Thursday, 13 August 2015

Frauenkirche, Munich

The Dom su Unserer Lieben Frau (Cathedral of Our Dear Lady), or Frauenkirche as it is commonly known, is a church in Munich that also serves as a cathedral.

Construction began in 1468, but due to financial difficulties, Pope Sixtus IV granted an Indulgence. The church was completed in 1488 and consecrated in 1494. Of the two towers, the tallest is the North Tower, standing at 98.57m, with the South Tower only 0.12m smaller. There is a law prohibiting any building being taller than 99m, which is why you won't see any skyscrapers in the city centre, giving Munich the feel of a small town.

The church suffered severe damage during WWII and had to be restored. One feature which survived was the Teufelstritt (Devil's Footstep), which is believed to be where the Devil himself once stood.  There are a few legends regarding the footstep, one is that the Devil made a deal with a builder so that the church would have no windows. The builder tricked the Devil by building columns to obscure the view of the windows. However, once the building was consecrated, the Devil could not enter and could only stand in the Foyer stamping his foot. He is supposed to have manifested his evil spirit in the wind, which rages furiously around the church.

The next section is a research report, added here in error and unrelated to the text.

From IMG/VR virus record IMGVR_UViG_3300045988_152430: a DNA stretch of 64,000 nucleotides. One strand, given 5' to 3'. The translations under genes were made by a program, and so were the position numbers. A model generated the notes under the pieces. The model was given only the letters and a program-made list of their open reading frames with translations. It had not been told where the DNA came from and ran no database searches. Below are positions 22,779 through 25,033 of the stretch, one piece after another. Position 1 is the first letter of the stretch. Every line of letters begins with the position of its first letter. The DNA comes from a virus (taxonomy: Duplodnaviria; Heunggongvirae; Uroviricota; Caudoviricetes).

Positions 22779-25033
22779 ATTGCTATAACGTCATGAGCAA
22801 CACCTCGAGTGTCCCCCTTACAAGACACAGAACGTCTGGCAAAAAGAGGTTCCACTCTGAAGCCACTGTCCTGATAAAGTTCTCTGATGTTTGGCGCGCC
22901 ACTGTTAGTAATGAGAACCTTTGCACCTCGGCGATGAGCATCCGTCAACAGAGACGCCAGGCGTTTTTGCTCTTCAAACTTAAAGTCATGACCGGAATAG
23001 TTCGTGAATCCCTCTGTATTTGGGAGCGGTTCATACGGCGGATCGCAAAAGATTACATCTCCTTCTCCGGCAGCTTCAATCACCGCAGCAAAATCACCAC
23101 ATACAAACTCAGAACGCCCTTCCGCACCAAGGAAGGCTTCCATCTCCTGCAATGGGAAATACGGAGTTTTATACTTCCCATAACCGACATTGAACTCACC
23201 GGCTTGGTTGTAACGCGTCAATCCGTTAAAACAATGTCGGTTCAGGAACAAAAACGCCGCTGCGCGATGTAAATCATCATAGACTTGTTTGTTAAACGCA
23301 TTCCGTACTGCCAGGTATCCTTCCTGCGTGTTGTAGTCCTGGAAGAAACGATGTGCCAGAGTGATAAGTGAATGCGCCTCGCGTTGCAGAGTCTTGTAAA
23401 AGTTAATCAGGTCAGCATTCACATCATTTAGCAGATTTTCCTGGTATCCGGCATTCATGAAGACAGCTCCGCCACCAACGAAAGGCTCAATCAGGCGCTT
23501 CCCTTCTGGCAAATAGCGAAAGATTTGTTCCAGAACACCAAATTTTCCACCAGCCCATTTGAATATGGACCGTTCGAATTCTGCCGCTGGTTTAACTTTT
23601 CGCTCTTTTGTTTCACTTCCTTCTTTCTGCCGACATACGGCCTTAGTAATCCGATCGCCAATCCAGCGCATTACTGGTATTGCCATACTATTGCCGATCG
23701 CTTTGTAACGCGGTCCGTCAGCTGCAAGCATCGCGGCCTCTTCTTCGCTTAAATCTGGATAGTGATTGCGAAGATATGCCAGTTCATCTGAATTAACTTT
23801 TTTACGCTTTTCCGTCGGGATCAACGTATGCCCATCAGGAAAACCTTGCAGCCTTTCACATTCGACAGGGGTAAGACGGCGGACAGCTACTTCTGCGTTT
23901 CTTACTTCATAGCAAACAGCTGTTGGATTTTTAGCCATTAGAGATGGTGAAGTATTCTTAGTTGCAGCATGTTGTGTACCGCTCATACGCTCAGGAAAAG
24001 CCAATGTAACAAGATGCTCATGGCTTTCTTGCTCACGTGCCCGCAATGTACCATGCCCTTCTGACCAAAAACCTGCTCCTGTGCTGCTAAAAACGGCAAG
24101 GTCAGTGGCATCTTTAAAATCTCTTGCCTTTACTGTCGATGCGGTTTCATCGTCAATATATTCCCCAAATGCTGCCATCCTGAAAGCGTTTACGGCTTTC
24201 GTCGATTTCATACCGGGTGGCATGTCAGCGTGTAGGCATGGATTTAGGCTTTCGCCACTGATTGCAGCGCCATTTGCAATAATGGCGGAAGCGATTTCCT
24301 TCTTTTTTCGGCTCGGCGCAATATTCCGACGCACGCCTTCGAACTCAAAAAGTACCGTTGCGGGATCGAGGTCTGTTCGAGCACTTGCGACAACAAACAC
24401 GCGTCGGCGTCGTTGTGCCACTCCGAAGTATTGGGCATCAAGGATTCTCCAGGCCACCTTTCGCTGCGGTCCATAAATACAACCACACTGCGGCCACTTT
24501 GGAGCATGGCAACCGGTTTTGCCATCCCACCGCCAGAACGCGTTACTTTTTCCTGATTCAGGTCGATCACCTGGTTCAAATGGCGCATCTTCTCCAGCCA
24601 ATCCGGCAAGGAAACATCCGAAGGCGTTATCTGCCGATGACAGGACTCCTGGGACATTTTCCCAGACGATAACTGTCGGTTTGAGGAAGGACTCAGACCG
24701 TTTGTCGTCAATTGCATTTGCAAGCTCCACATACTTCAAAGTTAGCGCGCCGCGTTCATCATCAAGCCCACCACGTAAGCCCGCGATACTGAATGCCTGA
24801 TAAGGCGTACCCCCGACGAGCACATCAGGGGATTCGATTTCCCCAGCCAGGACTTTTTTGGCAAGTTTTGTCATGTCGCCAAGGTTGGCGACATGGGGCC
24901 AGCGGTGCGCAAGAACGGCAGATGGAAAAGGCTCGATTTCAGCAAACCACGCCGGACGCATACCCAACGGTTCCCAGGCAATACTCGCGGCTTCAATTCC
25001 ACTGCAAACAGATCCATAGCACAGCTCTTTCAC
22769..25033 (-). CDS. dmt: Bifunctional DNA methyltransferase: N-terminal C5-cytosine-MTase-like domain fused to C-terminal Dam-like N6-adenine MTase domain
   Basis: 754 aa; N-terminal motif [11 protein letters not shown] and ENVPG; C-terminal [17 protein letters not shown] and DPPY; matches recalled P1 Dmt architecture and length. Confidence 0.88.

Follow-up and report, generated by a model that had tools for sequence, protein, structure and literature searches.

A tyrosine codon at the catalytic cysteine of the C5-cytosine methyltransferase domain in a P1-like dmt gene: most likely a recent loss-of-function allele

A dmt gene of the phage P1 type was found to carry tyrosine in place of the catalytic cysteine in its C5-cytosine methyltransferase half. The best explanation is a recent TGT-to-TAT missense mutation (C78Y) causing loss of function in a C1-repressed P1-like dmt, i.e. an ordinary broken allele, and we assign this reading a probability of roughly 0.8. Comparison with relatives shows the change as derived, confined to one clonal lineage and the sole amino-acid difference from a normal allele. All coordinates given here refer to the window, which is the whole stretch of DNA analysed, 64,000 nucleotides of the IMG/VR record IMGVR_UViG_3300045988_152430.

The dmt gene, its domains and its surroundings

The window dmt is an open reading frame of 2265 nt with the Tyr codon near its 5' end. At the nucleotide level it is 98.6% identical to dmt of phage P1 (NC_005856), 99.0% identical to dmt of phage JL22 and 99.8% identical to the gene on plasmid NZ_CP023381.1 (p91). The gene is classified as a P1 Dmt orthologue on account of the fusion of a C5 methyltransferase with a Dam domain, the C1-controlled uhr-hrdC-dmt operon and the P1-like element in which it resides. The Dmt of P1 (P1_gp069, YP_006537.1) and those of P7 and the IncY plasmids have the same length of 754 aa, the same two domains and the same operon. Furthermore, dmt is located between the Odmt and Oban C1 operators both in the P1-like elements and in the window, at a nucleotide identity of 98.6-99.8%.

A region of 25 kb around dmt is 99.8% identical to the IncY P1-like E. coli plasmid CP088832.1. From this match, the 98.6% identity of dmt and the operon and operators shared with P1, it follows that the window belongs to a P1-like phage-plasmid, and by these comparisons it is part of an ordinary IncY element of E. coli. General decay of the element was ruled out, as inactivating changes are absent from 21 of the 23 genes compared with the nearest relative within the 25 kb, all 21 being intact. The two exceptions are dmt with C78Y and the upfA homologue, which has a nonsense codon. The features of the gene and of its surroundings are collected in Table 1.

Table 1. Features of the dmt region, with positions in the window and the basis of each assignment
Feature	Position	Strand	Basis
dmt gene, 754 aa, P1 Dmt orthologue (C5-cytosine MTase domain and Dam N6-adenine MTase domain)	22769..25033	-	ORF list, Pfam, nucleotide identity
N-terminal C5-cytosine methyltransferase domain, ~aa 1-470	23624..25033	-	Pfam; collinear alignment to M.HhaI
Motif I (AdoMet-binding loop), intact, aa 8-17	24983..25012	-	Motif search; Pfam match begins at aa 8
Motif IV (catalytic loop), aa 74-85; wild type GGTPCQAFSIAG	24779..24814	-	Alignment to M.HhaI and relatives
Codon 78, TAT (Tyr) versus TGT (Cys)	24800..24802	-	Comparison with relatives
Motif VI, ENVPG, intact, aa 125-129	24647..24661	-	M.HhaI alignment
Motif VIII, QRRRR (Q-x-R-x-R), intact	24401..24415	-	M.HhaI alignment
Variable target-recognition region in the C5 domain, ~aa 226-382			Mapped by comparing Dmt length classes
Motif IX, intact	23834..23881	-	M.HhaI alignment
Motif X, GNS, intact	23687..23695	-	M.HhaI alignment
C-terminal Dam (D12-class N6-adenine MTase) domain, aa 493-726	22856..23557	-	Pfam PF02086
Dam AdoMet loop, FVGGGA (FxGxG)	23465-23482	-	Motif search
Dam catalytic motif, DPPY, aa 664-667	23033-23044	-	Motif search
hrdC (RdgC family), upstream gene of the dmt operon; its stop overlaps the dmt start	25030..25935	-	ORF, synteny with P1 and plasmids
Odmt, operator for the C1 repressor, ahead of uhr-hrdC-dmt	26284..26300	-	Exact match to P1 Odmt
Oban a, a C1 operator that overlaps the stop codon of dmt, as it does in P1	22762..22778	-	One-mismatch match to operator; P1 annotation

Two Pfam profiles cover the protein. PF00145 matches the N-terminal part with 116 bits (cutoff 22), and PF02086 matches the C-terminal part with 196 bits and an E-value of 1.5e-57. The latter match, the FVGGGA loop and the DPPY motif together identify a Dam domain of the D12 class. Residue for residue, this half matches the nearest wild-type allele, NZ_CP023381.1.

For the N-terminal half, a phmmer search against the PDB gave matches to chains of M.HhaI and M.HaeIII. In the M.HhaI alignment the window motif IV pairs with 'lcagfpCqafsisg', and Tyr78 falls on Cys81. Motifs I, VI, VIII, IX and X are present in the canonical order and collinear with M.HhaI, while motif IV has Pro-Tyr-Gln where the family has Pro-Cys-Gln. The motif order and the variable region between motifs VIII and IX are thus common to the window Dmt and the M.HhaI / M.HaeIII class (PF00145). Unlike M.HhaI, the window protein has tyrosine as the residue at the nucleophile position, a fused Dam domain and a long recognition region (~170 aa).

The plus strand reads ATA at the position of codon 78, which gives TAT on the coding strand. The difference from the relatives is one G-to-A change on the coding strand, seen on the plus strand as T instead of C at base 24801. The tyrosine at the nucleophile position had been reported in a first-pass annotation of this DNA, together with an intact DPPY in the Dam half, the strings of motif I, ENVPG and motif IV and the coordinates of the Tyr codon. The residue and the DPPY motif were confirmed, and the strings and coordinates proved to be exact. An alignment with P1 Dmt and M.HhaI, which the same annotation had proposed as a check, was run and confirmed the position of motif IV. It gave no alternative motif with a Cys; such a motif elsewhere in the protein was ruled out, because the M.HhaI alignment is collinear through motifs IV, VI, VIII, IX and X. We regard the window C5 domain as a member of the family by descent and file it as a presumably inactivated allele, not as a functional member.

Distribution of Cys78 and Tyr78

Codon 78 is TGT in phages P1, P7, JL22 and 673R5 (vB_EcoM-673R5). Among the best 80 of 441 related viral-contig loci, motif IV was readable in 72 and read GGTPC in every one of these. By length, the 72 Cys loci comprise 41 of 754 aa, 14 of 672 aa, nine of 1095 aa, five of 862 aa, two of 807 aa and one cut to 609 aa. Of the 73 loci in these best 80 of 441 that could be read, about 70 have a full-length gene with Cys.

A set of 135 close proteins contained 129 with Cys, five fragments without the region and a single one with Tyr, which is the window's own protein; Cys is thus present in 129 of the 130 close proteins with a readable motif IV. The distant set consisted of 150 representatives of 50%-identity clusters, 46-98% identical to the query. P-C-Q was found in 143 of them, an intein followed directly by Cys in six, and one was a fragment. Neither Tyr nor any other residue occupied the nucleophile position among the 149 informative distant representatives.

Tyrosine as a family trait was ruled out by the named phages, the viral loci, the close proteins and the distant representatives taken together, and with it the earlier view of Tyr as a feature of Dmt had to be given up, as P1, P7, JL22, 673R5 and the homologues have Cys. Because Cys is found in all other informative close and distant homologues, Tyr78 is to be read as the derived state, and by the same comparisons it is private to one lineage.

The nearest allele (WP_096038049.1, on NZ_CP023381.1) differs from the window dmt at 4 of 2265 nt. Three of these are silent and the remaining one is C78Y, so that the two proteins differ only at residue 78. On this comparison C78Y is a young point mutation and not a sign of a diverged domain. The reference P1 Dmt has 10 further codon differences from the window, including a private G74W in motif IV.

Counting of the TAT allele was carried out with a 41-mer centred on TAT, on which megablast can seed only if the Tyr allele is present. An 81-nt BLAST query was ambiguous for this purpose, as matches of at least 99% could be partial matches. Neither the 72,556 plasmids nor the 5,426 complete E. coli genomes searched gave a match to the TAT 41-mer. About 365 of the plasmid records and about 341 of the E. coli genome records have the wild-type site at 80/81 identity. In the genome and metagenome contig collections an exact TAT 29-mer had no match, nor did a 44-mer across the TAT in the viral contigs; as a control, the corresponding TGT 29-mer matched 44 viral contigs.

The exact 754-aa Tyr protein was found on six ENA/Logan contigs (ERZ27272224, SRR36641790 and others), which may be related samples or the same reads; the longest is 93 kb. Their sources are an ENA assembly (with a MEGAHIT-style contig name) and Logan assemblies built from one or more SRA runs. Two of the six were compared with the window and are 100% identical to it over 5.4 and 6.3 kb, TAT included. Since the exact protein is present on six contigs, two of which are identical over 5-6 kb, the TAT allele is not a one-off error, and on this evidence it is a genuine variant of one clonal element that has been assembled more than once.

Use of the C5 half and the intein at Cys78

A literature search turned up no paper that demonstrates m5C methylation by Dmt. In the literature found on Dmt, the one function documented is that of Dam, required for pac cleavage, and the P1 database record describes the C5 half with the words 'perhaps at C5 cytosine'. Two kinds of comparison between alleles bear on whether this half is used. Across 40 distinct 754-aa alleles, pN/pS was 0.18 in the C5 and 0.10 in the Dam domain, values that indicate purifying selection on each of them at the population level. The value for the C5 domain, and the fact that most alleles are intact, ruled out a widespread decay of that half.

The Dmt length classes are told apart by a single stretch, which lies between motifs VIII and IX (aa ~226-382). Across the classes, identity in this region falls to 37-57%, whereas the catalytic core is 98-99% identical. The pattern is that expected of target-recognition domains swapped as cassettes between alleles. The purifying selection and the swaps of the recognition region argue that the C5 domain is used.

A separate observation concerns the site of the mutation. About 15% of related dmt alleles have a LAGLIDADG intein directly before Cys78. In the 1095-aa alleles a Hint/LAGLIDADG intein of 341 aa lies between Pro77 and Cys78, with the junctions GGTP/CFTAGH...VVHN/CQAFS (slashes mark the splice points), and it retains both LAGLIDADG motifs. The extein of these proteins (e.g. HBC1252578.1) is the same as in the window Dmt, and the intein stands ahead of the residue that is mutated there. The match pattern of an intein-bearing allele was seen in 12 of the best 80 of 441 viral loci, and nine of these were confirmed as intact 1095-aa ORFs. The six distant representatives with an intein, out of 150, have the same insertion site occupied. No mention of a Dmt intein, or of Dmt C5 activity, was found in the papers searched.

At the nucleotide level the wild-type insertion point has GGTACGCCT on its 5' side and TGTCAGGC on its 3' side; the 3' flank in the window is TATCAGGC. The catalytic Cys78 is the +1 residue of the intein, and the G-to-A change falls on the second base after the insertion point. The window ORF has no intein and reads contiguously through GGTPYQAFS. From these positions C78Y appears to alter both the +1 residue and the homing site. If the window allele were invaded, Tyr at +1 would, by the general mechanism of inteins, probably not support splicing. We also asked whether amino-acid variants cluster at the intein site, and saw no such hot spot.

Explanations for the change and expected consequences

Buried in the church are the tombs of many Archbishops, Dukes and even King Ludwig III and Louis IV, the Holy Roman Emperor.